Top Letters And Comments, May 14, 2021


Take A Seat In Fantasy’s Front Row

Great article. Enjoyed it immensely…as both a pilot who was introduced to GA via a CAP L-16 and an owner of a 63 Studebaker Lark.

As I went nostalgic, I began to think about entry and egress of any airplane, GA or commercial…and have come to a startling conclusion…not one flying machine is easy to get into nor exit! An epiphany of sorts.

Look at a King Air cockpit. It’s a fooler. Easy to enter the airplane. But getting into the pilot or FO seat without damaging the center console can make the entry to the Cub look quite lame…depending on height, weight, and girth of intended pilots.

Early Bonanzas require considerable scootching from right to left adding some odd sounds and hilarious gymnastics to get into the left seat although more subtle in nature than the Cub. Those who have later versions with individual adjustable seats must have more pronounced skootching motions to finally get comfortable.

Airplanes like a later-built Mouse that might have two doors, still require a climb on a tall wing that makes for viral video potential.

I think there are no airplanes built that are easy, comfortable to get into…even LSA’s that are designed for fast food consuming pilots. Some might be easier than others. However, there is no graceful, artful, smooth way of getting into anything that flies.

Now I feel better realizing no matter how much I spend on an airplane, they are all designed to fly. Comfortable and easy entry or exit is not possible no matter who many degrees from MIT. Flying machines have no provision for graceful entry, certainly not any smooth way for getting comfortable within a particular seat in any airplane without gyrations that might be misconstrued as suggestive to outright hilarious. It’s the price one pays to be a pilot or passenger in a flying machine. It’s like owning a Studebaker Lark. Very misunderstood with subtleties that make it endearing in spite of initial misinformed yet innocent perceptions combined with the realties that come from ownership. If it was easy, everybody would be doing it.

Long live Cubs, Champs, and Studebaker Larks…and easy chairs.

Jim Holdeman

I haven’t been in a Cub for awhile after having owned three of the things. My big problem was staying within weight limits. Cubs weren’t made for the Big Mac generation. Ditto my CallAir (née Interstate) Cadet despite having a higher max gross weight limitation. The issue for me is the same as for you, Paul: Getting in and out. Despite YouTube videos of lithe, younger pilots vaulting into the front seat of the Cadet, it can’t be done by me. I have to start with carefully placed feet and knees, taking care to avoid The Stick, then executing a graceful slow roll into position without bumping the throttle. Once in, the airplane is a delight to fly, even land. But then comes The Exit. Oh, that this too, too solid flesh would melt, and while you’re at it, throw a little WD-40 on those joints that don’t bend the way they used to.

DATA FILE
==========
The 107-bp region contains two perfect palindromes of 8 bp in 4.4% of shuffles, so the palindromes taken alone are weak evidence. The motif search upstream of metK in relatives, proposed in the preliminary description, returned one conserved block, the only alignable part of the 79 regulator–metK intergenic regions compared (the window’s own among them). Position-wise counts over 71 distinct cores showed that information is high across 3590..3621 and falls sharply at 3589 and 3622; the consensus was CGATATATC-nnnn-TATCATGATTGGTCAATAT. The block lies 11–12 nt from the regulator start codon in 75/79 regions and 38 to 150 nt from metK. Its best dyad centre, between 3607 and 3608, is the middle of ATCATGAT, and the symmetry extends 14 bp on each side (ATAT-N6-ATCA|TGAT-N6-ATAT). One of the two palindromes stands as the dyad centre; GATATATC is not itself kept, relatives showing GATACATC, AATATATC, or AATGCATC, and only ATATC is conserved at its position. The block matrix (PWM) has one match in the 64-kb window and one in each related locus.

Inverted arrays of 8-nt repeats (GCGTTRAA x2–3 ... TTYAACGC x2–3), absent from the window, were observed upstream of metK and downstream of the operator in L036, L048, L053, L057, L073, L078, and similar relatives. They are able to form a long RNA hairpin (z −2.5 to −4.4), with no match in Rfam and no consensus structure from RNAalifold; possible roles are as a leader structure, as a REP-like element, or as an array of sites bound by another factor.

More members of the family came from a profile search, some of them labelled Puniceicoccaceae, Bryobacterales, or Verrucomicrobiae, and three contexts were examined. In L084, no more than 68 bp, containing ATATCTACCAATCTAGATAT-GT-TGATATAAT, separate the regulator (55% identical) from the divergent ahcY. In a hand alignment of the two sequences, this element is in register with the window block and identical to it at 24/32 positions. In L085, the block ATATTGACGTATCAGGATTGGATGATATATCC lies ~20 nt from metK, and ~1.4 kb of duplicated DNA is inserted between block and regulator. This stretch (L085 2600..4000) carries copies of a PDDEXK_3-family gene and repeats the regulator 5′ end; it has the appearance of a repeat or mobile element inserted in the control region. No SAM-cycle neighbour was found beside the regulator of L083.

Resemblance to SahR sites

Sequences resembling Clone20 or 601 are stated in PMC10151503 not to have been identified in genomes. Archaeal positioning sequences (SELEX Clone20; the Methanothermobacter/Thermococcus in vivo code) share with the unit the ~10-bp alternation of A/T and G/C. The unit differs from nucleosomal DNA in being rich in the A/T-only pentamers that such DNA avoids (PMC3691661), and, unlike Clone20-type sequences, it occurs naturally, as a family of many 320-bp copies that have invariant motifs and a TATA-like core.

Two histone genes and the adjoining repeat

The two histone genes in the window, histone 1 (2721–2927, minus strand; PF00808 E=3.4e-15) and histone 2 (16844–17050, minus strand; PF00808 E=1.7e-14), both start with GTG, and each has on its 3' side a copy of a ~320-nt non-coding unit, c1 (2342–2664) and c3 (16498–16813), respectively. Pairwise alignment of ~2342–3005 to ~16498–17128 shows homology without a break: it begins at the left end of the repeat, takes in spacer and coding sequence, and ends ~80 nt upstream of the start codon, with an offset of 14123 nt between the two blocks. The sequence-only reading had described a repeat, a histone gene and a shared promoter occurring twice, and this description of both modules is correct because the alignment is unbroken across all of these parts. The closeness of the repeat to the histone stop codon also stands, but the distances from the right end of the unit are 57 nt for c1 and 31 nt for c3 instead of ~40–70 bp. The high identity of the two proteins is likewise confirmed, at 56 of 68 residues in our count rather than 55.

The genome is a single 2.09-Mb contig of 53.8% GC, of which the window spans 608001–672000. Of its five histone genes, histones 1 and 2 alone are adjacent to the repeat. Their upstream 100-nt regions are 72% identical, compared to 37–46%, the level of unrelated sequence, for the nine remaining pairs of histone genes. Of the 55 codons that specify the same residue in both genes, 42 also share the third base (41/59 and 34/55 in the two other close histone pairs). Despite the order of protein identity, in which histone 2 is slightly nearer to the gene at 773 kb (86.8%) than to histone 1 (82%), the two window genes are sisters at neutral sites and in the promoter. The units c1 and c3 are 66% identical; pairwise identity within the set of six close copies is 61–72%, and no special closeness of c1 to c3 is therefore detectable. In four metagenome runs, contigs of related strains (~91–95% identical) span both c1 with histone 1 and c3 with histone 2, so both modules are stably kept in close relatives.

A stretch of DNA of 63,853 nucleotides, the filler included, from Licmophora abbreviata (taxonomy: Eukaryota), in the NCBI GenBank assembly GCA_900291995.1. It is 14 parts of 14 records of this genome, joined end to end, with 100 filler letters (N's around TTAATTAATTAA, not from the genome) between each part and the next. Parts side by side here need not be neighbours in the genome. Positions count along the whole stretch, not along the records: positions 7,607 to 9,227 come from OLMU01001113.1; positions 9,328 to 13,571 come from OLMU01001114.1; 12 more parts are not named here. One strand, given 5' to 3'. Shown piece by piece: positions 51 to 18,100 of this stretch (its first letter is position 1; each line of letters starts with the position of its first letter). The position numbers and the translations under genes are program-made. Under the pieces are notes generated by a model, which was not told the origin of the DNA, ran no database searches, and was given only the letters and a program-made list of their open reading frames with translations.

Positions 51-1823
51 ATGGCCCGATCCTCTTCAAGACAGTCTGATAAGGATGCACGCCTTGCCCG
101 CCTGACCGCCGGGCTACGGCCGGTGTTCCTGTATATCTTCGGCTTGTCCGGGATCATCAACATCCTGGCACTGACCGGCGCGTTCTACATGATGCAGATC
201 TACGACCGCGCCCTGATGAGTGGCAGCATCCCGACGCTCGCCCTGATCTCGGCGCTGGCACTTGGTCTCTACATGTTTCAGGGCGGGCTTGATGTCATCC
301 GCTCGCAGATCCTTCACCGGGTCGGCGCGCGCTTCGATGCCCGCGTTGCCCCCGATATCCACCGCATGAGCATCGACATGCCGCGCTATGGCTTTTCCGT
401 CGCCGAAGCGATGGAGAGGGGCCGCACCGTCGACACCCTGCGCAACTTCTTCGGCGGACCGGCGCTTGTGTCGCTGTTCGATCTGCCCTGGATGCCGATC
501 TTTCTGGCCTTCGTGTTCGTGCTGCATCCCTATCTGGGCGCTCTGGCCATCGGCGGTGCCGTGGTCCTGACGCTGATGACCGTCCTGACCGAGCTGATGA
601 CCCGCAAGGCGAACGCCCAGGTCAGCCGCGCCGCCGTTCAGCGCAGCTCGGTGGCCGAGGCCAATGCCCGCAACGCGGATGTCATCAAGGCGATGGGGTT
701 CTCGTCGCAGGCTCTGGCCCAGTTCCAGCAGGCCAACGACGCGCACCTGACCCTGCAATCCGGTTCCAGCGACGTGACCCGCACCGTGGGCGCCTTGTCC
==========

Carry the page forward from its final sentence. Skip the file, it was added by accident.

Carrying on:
Alex Nelon

CTAF Etiquette

Love it – another opportunity to hash out the CTAF!

““Zero Five” isn’t painted on the runway. It’s only the number 5”

And we have a Rwy 4 and Rwy 34 at our airport. When Rwy 34 is favored, Rwy 4 is often good for practicing X-Wind work. So the pattern goes quiet and I practice X-Wind work on Rwy 4. My CTAF call is a very clear “ZERO 4”. Just in case anyone is inbound, has listened to the ATIS and is planning on 34. In fact if someone does make a 10 mile call – I’ll even make my call along the lines of “34 is favored and I am left downwind on ZERO 4 for X-Wind work – will stay clear of incoming traffic”.

Honestly, I think the inclusion of an appropriate ZERO applies to most of the crossed runways that end in the same number. It does no harm and clears up potential confusion for minimal radio time.

Graeme Smith

About two or three years ago, our EAA chapter had a discussion about the proper phraseology for Runway 1 at our local airport. Several pilots were steadfast that it should be “01” while others said it should only be “1” since that is all that is painted on the ground.

I did a little digging and came up with this FAA document: commonly known as FAA order 7110.65, in section 2-4-17 (PDF page 87) it shows the runway designation of 3 to be called “Runway three” so the correct way to say it is without a prefix of zero. There you go, the FAA has an answer for everything!

The international standard, however, is different and is supposed to be read as 2 digits, e.g. 01. The only place in the US that you will find 2 digits being used is military bases as they follow the international standards.

Jeff R.

Poll: Should Insurance Companies Insist on More Training to Reduce Accidents?

  • Insurance policies require that the owner/operator of an aircraft follow ALL FAA regulations (read your policy sometime). If you have an expired medical, bi-annual, Annual Inspection or any other regulatory requirement the insurance company is not obligated to pay after an accident. Many insurers are giving discounts to Pilots that participate in WINGS programs and/or SMS. They have been for years. – Klaus M.
  • The training and additional training when required must be improved. ADM/CRM/SRM/risk management and OE time are critical to reducing the accident rate. Good policies and procedures must be demonstrated repeatedly over the course of some real OE experiences.
  • “NO” is my answer, but I’d like to elaborate. It’s pretty simple really. More requirements don’t accomplish what they say they will. Instead, a cottage industry of ways to “beat the system” arises! Just pick almost any government rule to find examples. If only the people who come up with these ideas could have a look behind the curtain at major flight training establishments, they would understand the self-defeating nature of creating yet more check boxes in a system already overwhelmed with government mandates.